Taal: Raven of food and history 

By Mike Buceta

TAAL– While everyone is busy spending their holy week vacation either in beaches or churches, I, myself (since I’m single for more than 3 years now), decide to drive back to my hometown for self-reflection and for a sumptuous food trip that I missed while working in the city. All of these are readily available at the town’s public market.

Public market

Eats more fun in Taal

Taal, a third class municipality in the province of Batangas is known for its well preserved ancestral houses that are designated as National Historical Landmarks, large basilica and proximity to Taal lake.

More than that, It is also known for its native and sumptuous delicacies that are not only known locally but also in neighboring provinces. So let me take you on a walk through time and history with Taal comfort foods from breakfast to midnight snacks.

Breakfast in Taal

Sumang Taal, Kapeng Barako and Tablea

Taaleños’ breakfast is not complete without these three local cuisines. Sumang Taal, a deliciously homemade kakanin from glutinous rice cooked in coconut milk while wrapped in banana leaves. This sweet and sticky delicacy is best served warm with sprinkled mascuvado sugar or shredded coconut meat. The best suman in town.

Another is Kapeng Barako or the Philippines’ version of espresso, or simply Batangueño coffee. The well recognized strong flavor and rich aroma will surely give you the boost you need in the morning.

Taal’s tablea or hot chocolate.

The coffee is also associated with the nature of Batangueños who bravely fought for Philippine independence during colonial period. Truly, Taal is home of some brave men and women of the country such as Felipe Agoncillo, the first Filipino diplomat, his wife, Marcela Agoncillo, one of the makers of the national flag, Gliceria Marella de Villavicencio, the Godmother of the Revolution, the Dioknos, Apacibles, and many more.

For non-coffee lovers, the local favorite hot chocolate or tablea can be served as a tasteful alternative. This local drink is made from locally grown cacao seeds, dried and roasted into perfection then grinned manually using in handcrafted mortar of Taaleños.

These three local breakfast starters were best for light or morning snacks to give you enough shot of energy for the long day of history around the town. Also, it is best as pasalubong.


Unlike large empanadas of Ilocos, Taal’s empanadas are petite. The homemade pies are stuffed with choice of ground pork, chicken or vegetables, mixed with potatoes, raisins and carrots. Distinguishing from Ilocos’ empanada, Taal’s empanada also includes rice noodles or sotanghon, which gives it a local touch. This makes the empanada best for a merienda or snacks.

Tapang Taal

Taal Beef steak

The local version of pork steak is thinly sliced and diced marinated in a strong mixture of perfectly Taalenos’ secret ingredients. Best paired with fried rice and native dip mixture of native vinegar (from kaong tree) or soy sauce with chopped lasuna (native onions), calamansi or lime extract and fresh chilli (siling labuyo). The best way of preparing this meal is by pan frying or by Bistek Tagalog. Visitors shall give this cuisine a try when they visit the heritage town.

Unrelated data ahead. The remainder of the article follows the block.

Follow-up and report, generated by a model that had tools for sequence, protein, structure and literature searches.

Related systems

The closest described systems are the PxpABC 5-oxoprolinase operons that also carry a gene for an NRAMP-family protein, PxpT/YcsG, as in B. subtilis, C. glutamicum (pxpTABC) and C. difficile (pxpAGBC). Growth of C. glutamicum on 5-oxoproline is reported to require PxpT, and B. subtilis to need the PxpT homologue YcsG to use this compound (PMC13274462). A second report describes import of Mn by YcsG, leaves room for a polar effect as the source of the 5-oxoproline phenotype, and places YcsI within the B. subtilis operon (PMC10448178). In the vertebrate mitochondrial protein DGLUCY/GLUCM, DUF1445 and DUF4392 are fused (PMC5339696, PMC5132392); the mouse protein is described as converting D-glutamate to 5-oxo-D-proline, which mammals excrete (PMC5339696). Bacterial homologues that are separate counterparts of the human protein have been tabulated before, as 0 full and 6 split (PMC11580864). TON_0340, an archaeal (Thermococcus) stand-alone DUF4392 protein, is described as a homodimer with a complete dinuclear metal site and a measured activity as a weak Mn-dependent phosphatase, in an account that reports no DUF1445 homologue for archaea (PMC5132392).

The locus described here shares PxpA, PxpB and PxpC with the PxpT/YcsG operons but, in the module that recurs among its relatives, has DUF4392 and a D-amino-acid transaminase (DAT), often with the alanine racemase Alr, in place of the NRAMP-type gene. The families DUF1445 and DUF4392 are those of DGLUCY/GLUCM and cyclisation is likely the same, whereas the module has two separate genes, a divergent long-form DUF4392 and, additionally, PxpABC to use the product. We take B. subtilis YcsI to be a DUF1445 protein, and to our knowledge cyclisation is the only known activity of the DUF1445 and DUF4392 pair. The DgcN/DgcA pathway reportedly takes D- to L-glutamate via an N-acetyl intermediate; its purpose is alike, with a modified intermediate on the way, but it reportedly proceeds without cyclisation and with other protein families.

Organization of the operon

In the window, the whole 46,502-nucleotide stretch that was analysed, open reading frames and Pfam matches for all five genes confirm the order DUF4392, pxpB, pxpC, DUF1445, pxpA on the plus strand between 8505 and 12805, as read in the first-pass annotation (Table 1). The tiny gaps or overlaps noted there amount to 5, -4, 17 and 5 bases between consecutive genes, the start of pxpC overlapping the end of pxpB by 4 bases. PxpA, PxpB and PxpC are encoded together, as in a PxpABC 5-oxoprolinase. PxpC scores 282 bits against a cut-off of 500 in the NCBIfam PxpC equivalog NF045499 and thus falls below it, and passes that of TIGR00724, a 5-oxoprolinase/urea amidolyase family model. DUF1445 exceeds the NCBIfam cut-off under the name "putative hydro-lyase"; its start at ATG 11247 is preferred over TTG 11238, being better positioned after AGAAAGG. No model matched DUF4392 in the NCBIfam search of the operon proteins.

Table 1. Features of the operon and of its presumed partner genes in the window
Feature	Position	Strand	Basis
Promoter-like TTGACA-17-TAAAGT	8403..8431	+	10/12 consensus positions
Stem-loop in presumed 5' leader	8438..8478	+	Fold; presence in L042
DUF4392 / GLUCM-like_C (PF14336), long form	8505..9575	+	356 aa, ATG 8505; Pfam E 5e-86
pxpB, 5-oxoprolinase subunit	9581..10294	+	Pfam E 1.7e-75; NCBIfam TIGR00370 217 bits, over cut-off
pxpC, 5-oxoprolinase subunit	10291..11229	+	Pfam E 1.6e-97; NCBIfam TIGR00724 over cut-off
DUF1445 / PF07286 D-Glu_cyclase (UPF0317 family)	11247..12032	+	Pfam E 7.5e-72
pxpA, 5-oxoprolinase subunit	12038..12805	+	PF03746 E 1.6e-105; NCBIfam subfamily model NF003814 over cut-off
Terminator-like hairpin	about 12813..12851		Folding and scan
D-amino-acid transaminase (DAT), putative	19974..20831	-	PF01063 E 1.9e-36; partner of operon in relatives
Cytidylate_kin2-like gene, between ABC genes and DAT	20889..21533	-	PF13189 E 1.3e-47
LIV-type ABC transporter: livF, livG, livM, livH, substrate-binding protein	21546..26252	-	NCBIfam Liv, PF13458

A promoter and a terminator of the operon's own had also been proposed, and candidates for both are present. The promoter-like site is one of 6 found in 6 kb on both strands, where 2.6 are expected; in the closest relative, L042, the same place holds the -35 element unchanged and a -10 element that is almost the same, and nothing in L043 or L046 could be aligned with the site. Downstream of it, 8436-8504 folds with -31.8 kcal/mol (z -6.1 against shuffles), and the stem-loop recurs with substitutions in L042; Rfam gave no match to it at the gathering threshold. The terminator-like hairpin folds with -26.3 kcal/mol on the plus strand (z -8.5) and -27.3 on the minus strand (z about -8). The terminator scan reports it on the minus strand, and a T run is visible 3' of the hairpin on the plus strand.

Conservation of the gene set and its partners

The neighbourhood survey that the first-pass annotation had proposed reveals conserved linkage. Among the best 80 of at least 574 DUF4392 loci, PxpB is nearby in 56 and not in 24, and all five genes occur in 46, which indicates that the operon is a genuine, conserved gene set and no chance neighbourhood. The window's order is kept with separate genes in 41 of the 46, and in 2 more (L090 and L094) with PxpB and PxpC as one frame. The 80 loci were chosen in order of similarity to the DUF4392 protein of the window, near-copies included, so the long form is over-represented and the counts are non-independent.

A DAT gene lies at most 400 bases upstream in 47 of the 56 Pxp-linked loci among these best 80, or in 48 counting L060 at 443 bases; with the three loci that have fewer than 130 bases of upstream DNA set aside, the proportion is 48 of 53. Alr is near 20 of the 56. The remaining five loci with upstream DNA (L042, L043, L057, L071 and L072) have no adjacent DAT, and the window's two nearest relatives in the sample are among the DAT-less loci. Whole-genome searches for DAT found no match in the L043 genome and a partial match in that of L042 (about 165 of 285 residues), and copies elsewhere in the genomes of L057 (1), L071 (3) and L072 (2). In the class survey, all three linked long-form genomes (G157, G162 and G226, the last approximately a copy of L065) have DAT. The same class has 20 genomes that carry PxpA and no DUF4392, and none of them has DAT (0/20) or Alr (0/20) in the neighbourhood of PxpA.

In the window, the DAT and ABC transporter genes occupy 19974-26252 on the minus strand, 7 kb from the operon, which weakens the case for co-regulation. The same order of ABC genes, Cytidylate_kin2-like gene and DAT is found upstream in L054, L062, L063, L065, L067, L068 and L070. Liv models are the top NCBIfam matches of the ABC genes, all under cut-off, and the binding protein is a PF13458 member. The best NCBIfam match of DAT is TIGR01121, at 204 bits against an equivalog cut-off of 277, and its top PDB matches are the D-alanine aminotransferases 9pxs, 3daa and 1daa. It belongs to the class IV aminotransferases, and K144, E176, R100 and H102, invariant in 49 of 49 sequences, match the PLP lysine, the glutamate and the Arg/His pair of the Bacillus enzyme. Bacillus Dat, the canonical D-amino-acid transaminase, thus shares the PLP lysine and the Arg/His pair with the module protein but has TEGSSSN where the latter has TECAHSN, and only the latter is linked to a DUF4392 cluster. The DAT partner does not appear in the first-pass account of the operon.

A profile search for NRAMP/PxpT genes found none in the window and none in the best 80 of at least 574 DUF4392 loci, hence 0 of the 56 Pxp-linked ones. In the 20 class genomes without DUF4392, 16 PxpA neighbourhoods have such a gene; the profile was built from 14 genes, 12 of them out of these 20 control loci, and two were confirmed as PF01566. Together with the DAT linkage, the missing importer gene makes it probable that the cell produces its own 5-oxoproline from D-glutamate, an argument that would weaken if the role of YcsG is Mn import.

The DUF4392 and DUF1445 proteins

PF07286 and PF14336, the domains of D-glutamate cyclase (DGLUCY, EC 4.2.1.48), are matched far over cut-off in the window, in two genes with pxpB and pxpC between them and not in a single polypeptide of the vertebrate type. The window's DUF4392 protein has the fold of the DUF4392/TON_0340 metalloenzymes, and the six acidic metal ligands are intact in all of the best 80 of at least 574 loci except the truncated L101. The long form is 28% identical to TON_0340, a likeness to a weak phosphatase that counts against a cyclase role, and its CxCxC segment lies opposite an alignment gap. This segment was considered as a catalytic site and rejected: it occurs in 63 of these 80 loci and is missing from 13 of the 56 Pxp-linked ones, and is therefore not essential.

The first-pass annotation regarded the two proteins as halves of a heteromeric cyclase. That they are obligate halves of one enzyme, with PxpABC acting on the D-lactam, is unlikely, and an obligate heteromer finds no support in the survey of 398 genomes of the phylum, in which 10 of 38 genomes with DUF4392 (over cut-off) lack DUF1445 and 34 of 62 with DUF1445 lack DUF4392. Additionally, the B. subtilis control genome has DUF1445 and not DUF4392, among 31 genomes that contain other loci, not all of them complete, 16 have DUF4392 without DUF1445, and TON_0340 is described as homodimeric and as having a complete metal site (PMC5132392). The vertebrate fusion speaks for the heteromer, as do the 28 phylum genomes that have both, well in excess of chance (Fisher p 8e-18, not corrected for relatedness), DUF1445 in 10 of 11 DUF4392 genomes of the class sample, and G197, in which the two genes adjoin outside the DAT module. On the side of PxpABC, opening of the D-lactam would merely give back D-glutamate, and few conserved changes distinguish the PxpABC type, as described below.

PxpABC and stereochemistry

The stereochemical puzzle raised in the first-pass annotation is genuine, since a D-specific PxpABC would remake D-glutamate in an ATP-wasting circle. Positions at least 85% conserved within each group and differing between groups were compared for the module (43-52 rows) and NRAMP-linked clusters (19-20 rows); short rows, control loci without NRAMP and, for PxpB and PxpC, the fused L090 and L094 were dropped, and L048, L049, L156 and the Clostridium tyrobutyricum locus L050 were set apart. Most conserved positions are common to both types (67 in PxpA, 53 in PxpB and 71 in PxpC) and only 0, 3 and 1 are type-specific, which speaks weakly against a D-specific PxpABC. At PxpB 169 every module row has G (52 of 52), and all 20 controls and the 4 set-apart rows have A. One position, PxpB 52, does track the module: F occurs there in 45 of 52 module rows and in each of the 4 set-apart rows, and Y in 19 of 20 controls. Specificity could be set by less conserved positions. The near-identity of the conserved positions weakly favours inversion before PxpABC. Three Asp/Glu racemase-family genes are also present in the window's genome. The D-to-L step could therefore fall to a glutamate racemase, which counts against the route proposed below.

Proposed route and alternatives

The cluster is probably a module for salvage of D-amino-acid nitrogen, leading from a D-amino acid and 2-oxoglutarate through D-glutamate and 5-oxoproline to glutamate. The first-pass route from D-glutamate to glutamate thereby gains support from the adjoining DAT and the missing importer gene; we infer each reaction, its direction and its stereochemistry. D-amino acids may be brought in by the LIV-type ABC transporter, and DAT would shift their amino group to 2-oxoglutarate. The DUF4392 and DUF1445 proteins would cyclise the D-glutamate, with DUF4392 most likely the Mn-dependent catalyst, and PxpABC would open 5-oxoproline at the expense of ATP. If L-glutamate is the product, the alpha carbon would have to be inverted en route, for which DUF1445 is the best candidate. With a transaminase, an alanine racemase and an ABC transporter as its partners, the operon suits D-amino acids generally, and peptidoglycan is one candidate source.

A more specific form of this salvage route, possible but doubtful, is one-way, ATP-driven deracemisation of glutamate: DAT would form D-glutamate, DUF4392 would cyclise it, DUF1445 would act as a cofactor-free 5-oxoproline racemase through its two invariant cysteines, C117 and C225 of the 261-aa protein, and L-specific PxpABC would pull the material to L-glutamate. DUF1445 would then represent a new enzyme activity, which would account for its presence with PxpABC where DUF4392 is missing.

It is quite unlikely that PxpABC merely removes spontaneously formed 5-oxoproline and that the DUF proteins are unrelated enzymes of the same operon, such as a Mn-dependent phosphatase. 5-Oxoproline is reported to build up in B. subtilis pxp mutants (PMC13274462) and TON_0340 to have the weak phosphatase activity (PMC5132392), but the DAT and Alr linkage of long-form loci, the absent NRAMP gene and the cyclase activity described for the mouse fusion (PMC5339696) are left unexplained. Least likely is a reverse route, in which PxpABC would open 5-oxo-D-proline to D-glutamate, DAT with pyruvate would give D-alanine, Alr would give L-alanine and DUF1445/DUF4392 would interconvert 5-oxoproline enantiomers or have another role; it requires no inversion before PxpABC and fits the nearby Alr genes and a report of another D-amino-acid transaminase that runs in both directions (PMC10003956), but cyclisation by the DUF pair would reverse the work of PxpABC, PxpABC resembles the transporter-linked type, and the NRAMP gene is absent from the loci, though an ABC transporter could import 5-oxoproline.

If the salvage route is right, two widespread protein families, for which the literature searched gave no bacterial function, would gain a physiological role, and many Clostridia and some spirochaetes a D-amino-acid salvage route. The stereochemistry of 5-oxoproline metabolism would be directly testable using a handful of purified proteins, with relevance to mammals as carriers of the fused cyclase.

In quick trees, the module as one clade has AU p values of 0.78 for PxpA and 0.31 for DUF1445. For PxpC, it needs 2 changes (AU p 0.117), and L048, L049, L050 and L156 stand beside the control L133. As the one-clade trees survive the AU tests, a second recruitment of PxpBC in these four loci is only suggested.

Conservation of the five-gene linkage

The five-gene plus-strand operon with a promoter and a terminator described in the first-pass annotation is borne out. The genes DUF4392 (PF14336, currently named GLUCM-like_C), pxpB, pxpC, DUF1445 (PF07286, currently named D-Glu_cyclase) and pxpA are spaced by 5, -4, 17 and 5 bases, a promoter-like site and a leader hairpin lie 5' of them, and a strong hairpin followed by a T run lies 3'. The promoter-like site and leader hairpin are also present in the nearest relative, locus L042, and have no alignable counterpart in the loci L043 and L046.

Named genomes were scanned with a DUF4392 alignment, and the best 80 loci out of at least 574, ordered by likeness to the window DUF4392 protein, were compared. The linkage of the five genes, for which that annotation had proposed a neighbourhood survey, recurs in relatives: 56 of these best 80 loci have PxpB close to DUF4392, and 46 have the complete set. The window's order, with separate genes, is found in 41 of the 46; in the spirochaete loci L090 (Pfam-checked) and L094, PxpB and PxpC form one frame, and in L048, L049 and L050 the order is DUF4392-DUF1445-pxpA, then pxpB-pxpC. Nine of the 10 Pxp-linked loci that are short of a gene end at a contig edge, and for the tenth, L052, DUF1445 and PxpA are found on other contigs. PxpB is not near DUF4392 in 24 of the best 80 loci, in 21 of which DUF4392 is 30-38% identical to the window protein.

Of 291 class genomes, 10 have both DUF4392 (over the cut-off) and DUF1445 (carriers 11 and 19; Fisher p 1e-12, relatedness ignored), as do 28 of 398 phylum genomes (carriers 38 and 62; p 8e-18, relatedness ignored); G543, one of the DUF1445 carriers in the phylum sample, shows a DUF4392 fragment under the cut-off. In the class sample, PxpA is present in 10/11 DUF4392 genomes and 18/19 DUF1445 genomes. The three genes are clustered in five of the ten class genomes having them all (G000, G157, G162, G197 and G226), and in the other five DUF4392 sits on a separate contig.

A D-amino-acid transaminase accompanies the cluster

Longganizang Taal


Unlike other variety of longanizas in the country, Longanisang Taal (Taal sausage) is a tasty pork wrapped in perfectly dried pork intestine, then marinated in special soy sauce, garlic, sugar and calamansi that gave it the savvy and adobo-like  flavor. Visitors can find stalls in the public market that sells freshly marinated sausages for an affordable price ranging from Php200 – Php250 or $5 per kilo.

Adobo sa Dilaw

Yellow adobo
Taal’s version of Filipino Adobo

Adobo, the most commonly known cuisine of the country has its own version in Taal’s ancestral and delicate history. Taal’s Abodo is that the pork or chicken is marinated first then cooked with turmeric or luyang dilaw , that gives the cuisine a flavourful curry twist.

Sinaing na Tulingan

A native tuna mackerel harvested from Taal Lake and Balayan Bay, the dish symbolises the Taaleno’s patience and perseverance. The cuisine is cooked in a pot for about 4 to 6 hours in a medium heat using charcoal or wood fire for its perfection, broiled under a portion of pork fat and simmer with dried kamias for a savvy flavor and extra “bite”. After long hours of slow cooking, it can be further cooked with coconut milk, pechay, eggplant and green chilli for a tasteful and sumptuous ginataan for lunch. Best served with iced soda or juice.


This native delicacy is truly best for an afternoon snack. This delicacy is freshly made from cooked glutinous rice stuffed with mixture of ground pork, salted eggs and nuts, cooked and wrapped in banana leaves. For best taste, you can add a flavorful sauce made from sugar and coconut milk.


The local version of Baguio’s peanut brittle that completes a Taaleños’ meal. Unlike its counterpart, Taal’s Panutsa comes with whole locally grown peanuts, soaked in caramelized sugar and shaped in round form. The sugar mixture also has a thicker texture and a distinct dark color that identifiable to Taal’s.

After the long walks and food trips, I highly suggest that you take a break at Taal Basilica (Basilica Minore de San Martin de Tours). The church belfry offers the scenic view of the whole town and the perfect place for seeking some quiet time.

ancestral house
One of the well preserved ancestral houses in Taal.

It is true that my hometown never fails to amaze me every time I went home for a holiday break or even when I sought self reflection. I had an absolutely amazing and self-fulfilling holy week vacation this year and I hope that Taal will be on your list soon. See you!


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